If I Believed…

I’ve not had much time for blogging — I blame my wife!  What started out as a weekend of repainting the living/dining rooms has devolved in to a full scale basement remodel.  I’m seriously wondering if she’s testing my love for her or if she’s just trying to kill me…

A friend of mine shared an article by Michael Gerson on Facebook today entitled: “An America that is losing faith with religion.”  Not that this is breaking news – we’ve been tracking polls from Gallup to Pew over the years that clearly show “religion” is losing ground every year in America.  [See the Rise of the Nones…]

I responded to the post with the following — again, nothing incredibly new…

I think the “beginning of the end” for American religion can be traced to the politicizing of faith. Gerson pegs the decline in the 1990’s, but it really began in the 1970’s when evangelicals threw their support to Reagan and the Republican party. All the negativity of politics sticks like stink on the religious institutions that back them – hand in hand.

As Americans recoil from the shadiness of our political figures and institutions, they cannot separate out their ministers, pastors, churches from the rest of the garbage. The only way churches can save themselves is to retreat back to an apolitical position – a spiritual refuge from the secularism that should be driving policy and politics. They took a strategic gamble that they could pull off a Christian theocracy and they’ve lost.

One of the funny consequences of this is that – by and large – our Nones are not irreligious, or at least without faith. It’s not like they all flocked to atheism or agnosticism — they’ve instead created their own version of “god” that suits their unique spiritual needs – with the only doctrine and/or dogma they bring in from either past experiences/prejudices, etc., minus a preacher dictating what is sinful today, or tomorrow…I find the entire thing fascinating It truly is the end of religion, which should be viewed as a positive thing; however, nature abhors a vacuum, and I’m curious as to what ends up filling the void…

I’ve written previously on this idea of creating your own personal god as a substitute for the deity of the bible — you know, the one worshiped by the Westboro Baptists (I’ll say this much for them — as despised as they are by the rank and file Christian – they follow that book to the T!).

I went further to describe what it would take to make me believe in such a biblical god, but from the perspective that that god — Yahweh — actually existed.  But I never looked at it from the perspective of if I created god in my own image – or at least, fashioned a god I’d like to worship, what would that god look like?

After all, people are doing this more and more every day!  They’ll tell you about the god they believe in and how he’s nothing like the monster their churches described.  Oh no, their god is all about love – he loves gay people, he’s not reigning down terror on countries that allow homosexuals to marry or that just don’t believe in him.  But…if you’ve ever actually read the bible and your concept of god and/or Christianity is grounded in that faith, then you’ve created your own personal god – because that ain’t Yahweh!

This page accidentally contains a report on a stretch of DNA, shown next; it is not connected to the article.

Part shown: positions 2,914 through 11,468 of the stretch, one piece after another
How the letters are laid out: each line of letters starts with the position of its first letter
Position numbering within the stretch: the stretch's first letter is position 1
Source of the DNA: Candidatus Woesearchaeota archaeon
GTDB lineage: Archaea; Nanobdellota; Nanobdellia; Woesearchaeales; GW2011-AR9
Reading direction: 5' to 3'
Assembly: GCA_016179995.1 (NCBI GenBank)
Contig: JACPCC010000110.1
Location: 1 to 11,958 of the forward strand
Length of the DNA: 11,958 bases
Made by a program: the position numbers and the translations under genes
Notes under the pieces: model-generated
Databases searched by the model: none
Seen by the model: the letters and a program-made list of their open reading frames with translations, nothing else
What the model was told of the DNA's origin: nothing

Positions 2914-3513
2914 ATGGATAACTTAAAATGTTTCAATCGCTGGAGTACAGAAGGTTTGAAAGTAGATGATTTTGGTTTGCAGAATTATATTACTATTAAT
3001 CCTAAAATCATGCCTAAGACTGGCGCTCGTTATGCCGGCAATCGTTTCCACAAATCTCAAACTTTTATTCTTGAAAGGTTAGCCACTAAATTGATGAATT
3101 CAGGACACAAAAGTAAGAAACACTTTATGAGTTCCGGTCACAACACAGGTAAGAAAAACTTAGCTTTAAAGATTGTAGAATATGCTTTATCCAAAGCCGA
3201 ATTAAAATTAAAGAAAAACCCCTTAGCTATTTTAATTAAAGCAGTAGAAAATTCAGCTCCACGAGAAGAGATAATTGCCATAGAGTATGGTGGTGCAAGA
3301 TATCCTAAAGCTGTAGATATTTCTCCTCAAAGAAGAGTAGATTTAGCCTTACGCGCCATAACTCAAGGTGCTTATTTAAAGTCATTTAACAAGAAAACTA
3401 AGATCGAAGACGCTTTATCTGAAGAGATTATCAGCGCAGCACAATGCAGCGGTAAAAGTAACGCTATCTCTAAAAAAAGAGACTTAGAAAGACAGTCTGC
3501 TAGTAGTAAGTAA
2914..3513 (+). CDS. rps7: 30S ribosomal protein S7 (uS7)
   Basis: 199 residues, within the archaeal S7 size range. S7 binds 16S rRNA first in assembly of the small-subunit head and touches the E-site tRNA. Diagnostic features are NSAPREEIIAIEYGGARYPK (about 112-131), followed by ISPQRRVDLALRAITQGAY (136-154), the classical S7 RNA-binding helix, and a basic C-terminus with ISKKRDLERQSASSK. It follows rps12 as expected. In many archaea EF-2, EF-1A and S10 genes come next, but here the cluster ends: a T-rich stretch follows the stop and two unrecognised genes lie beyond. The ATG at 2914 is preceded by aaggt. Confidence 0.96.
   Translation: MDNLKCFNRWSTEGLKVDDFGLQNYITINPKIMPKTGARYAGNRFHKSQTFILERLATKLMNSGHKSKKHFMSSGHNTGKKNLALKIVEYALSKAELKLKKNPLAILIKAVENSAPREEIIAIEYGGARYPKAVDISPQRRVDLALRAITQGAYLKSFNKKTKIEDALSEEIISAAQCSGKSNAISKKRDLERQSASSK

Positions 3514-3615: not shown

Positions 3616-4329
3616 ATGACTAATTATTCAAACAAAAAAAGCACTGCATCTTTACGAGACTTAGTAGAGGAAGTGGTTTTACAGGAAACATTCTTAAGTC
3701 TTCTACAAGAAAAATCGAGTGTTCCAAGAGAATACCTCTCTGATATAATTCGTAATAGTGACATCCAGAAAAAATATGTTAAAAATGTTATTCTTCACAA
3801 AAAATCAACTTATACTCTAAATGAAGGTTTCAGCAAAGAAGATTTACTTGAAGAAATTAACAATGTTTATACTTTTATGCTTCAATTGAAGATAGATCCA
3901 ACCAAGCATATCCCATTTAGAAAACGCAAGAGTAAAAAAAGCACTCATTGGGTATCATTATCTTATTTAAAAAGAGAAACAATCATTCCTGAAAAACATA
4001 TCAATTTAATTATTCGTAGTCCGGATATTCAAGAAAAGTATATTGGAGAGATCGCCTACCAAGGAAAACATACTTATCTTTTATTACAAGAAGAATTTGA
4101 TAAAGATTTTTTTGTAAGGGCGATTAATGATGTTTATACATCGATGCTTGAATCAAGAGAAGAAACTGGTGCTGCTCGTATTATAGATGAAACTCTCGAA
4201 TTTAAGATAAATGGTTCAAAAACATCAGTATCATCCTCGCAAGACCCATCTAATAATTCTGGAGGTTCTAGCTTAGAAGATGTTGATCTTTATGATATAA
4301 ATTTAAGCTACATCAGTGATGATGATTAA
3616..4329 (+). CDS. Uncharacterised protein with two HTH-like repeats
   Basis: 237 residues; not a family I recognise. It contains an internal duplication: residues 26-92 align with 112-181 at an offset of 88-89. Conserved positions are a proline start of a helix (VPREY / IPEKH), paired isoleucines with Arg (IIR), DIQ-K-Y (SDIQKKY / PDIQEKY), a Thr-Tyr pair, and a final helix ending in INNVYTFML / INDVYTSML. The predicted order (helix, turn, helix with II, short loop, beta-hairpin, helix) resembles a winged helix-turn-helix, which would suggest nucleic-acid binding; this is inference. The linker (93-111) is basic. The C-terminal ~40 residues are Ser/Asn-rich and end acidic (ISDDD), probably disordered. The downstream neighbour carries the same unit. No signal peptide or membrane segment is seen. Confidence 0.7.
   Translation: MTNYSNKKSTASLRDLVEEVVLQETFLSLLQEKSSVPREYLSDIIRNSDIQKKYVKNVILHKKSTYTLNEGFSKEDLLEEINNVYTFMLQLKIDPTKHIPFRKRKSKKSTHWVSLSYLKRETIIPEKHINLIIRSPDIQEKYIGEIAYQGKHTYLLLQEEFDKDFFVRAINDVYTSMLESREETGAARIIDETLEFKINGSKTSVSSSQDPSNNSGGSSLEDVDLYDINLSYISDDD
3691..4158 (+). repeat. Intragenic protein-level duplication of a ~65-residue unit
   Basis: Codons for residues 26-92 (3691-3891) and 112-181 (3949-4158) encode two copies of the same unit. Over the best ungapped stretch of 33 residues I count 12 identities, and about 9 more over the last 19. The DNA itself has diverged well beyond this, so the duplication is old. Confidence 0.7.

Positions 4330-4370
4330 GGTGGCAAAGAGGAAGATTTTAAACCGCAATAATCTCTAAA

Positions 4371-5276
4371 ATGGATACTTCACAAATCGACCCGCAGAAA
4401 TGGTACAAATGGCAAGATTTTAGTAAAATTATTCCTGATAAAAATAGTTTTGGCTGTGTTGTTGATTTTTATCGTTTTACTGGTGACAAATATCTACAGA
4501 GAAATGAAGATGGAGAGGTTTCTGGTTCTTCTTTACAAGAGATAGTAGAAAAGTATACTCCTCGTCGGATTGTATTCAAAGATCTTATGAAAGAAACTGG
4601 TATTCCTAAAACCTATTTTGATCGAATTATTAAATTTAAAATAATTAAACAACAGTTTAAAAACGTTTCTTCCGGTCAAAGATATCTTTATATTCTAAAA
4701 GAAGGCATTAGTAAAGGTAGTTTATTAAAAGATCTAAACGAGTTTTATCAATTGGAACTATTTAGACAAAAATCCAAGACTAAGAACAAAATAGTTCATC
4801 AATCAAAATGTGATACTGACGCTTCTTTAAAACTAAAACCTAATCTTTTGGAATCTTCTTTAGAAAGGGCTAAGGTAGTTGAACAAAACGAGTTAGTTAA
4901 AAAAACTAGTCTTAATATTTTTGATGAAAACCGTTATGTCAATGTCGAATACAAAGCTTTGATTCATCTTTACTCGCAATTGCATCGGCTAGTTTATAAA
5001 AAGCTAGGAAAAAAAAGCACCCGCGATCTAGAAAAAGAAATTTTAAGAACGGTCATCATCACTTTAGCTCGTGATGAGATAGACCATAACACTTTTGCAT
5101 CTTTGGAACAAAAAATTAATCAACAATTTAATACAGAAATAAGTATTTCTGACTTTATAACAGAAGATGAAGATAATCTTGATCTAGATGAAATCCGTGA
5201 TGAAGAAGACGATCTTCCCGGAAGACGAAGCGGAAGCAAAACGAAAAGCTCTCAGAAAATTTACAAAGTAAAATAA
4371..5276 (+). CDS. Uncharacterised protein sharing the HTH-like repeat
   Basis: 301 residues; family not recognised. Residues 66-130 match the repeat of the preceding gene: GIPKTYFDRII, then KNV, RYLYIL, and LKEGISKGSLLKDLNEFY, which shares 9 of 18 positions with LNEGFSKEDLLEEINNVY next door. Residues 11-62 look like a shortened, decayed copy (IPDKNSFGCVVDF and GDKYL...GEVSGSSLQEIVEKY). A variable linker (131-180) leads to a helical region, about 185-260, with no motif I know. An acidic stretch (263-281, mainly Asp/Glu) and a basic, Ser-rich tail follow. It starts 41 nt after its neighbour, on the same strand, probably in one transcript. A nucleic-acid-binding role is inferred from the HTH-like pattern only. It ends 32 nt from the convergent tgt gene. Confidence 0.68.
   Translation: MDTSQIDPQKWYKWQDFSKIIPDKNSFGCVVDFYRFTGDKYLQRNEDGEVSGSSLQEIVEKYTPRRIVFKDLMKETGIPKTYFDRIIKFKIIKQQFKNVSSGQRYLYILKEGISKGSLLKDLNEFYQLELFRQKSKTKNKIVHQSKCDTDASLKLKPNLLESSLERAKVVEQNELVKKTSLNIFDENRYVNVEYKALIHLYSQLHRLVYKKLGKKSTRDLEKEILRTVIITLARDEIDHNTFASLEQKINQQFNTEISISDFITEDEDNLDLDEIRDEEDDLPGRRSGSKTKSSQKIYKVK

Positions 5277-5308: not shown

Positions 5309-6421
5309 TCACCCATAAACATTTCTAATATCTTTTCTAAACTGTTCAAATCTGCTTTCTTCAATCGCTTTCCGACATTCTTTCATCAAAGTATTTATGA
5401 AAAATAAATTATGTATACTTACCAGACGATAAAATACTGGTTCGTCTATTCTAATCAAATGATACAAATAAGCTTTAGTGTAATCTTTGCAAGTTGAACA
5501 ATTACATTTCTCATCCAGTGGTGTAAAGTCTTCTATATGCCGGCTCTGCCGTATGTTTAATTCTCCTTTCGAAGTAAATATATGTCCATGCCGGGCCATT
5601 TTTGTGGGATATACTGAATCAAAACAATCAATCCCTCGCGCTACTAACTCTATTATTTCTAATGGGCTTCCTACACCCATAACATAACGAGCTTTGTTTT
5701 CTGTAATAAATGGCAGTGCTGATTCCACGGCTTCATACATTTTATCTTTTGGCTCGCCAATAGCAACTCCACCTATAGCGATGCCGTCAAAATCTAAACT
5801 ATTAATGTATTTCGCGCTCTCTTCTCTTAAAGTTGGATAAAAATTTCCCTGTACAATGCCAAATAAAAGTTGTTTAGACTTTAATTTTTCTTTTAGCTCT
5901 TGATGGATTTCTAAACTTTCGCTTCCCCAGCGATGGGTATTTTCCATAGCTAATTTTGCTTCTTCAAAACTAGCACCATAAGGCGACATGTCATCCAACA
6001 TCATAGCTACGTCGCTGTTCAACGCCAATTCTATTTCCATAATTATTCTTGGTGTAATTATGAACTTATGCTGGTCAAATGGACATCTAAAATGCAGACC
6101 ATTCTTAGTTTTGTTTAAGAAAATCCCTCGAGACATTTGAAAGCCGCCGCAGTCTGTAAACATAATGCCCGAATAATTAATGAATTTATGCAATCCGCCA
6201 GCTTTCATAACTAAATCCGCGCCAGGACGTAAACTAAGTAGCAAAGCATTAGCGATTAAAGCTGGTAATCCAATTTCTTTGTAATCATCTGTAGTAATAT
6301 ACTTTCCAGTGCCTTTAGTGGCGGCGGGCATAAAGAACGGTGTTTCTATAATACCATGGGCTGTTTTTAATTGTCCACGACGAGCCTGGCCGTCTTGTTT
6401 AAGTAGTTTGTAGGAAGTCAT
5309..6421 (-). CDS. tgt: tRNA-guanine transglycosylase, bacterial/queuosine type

When I look at the world and see millions of people suffering from starvation, genocide, disease, cancer, random acts of violence, war, pestilence, etc., I have (and had) difficulty imagining an active deity that is involved in our condition (not to mention our lives).  If such a deity was actively engaged in the world while that level of torment was taking place – then he deserves to be called a sadist!  Maligned rather than worshiped!

When I look at the vastness of the universe, I can’t help but think that if there was a single all powerful deity overseeing all the activity within his domain, he’d be far more engaged in watching supernovas and imploding stars (after all, there’s a helluva lot more stars in the universe than there are people on earth!)  So all things being equal, I could see a hand of god (so to speak) at play in the universe, but “my god” isn’t like your god – he’s not about love (for you or anyone else), he doesn’t require worship or fealty to stroke his ego, he’s just sitting back watching his chemistry (or physics) experiment unfolding.  He’s about as concerned about what’s happening on earth as he is with what’s taking place right now on Kepler 22b (which is to say – he’s not…).

He doesn’t know me, what I’m thinking, nor is he keeping a list of the naughty and nice people, separating souls for eternal damnation or reward.  We are, after all, just stardust – and if my god exists, that’s how I’m connected to him, and to you… 🙂

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